Yeah, we’ve been talking about doing covers – we talk about that all the time, often with a sense of comedy underneath. Just a few days ago we talked about doing a Grace Jones cover; actually, that would be a kind of neat thing to do, doing Private Life or Nightclubbing, something like that. Why not? I think with the Walker Brothers one, I heard that song quite late – I only heard it a year or so before we did the cover – but I thought “Wow, this is a song we can play.” I haven’t had that feeling with Grace Jones but maybe something will come up.
How do you feel looking back on your time as a drummer? Is it still something that you have an itch to return to?
Yeah, in some ways I do. I’m always thinking about the drums when I’m listening to music. I can also think about music from a drummer’s perspective. For example, when I’m bored and having Slayer or something in my head, I am sitting in the drum stool. It’s not an itch anymore, it’s a heavy-duty job to be a drummer. It’s really physical and I don’t miss that too much. As I said, I’m a slacker.
“I think we’re more judgemental about our material now, especially compared to when we were writing The Agent That Shapes The Desert. I think this album is more solid that way, dismissing certain stuff and knowing what to keep and what not to keep.”
Given that, is playing live worth the amount of effort that you have to put in to get it all running smoothly?
Yeah, it’s definitely worth the work. There’s nothing that can compare to doing a good gig, nothing can beat that. It’s really something I love doing and it’s the same for the others in the band. I feel for Einar, who has to do the drumming, but I know he feels the same way, that when we’re doing a good gig I know her really enjoys it. We’re really stoked about playing live these days because I think it’s the most honest way to present our music, it’s to be that trio live. Good stuff. I love it.
What other projects are you working on these days? How are things with Aura Noir?
We’re working on a new album. Hopefully, we’ll start recording the new album this autumn or early winter. We’ve been working on the album sporadically when we get together because our guitar player, Blasphemer, lives in Portugal, so it’s hard to get together. But when we do, we make sure to make something and over the last few years we’ve been making quite a few numbers so I guess we have almost a full album now.
You were over in Glasgow with them recently. How was that?
Very good experience. I had haggis, just an hour before we went on stage so not a good idea but I just had to have haggis. When in Rome… haggis and whisky!
Does Norway have its own haggis equivalent?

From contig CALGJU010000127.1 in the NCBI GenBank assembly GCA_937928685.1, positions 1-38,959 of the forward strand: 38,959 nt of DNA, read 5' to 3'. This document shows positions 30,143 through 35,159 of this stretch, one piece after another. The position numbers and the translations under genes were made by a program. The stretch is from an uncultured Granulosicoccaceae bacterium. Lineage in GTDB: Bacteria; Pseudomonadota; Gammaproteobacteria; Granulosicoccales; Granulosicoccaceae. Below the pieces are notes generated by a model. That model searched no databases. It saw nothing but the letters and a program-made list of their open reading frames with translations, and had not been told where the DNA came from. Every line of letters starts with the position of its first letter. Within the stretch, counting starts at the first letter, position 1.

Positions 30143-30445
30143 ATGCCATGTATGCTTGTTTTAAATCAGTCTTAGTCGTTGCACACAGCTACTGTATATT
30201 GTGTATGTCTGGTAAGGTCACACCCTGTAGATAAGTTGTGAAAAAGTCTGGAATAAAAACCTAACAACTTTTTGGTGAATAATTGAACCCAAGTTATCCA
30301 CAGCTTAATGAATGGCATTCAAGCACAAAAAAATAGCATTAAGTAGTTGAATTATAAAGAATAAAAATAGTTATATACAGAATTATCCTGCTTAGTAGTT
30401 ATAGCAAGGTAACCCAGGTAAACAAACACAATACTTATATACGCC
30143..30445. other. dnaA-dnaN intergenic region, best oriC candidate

Yeah, but it’s a lot more grotesque – basically, a sheep’s head that’s been sawn in half vertically. So you have half a sheep’s head on a plate with mashed potatoes and rutabaga.
Yeah, that’s an interesting one! Back to Virus, what is the source of the inspiration for your lyrics? Is it mostly personal or do you take much from nature, literature, and so on?
It’s a bit from all over the place. Sometimes, by chance, I can see a sentence and I read it differently from what is there because my eyesight is a bit fucked. I can read the sentence differently from what it really says so I can see it, say “That’s really cool” and note it down. I have this notebook that’s full of stuff I see all over the place, by mistake and by chance, but I’m not a writer, per se. I’m not the kind of guy who can sit down and write a lyric, it has to be fragments that I’m picking from various places.
You worked with Kim Sølve again for the visuals this time.
Yeah, we wanted to go back to them. They’re old friends of ours and they’re very professional, very good at what they’re doing. They take it very seriously and we just knew when we handed the whole cover artwork over to them, along with the music, and said “Please make the cover,” we just knew it would be good. It’s come out really good. We’re on the same page when it comes to taste, which is a good and necessary thing.
Was there much of a brief from your side?
It was completely left up to them.
Going back to Ved Buens Ende, last year was the 20th anniversary of Written In Waters. Was there any temptation to revisit it live?
No, there wasn’t. It wouldn’t be right, Ved Buens Ende is very much of its time and it’s a product of who we were at the time. I’m now 42 years old – I was 21 when we recorded the album. It just wouldn’t feel right to do that. Why would we do that? Is it to please the audience? Is to earn money, or is it a combination of the two?
What are your thoughts on that album nowadays? Is there a lot of pride for what you achieved?
I revisited the album a couple of years ago and I hadn’t listened to it for maybe ten, twelve years, and I found it to be very good. I sort of, in a weird way, might have downplayed it a little bit but when I picked it up again I could see why we get generations of new fans. I see the value in the music, so yes, I’m very proud of it.
I’d spoken to Yusef and Kris about this but what were your memories of that period and that little enclave that you guys seemed to have formed?
We were a weird bunch of people. A lot of the mechanism in the group was based on humour, I think – a lot of absurd humour going on. Also, we were quite different people so we had our clashes but we had this creative bond going, but of course you jeopardise a thing like that when you start working in other bands as well. I think that might be the cause of us not continuing. It’s that we started playing in more than one band, and I think that’s because we were almost manic about creating something. We were in a very creative state of mind.
Do you still see much of that weird guy in yourself these days?
Yeah, I think I’ve come back to that guy a little bit in the past few years and it feels good. You’re sort of drawn to all these different norms when you’re growing up – you’re supposed to do this, you’re supposed to do that – and as a creative soul you have to ignore that a little bit. I’ve sort of come back… I don’t give a shit what people think anymore.
What do you have planned next for Virus?
We have a release party on the 24th of June, we have a gig in Oslo, one in Transylvania, Romania and we have plans to go back to New York. We were in New York in 2014 and did two gigs in a row at St Vitus Club, which was amazing, and we’d like to revisit. Other than that, it’s too little. I want a booking agent again who can get us some gigs. We don’t have one at present so it’s a bit thin on the ground right now.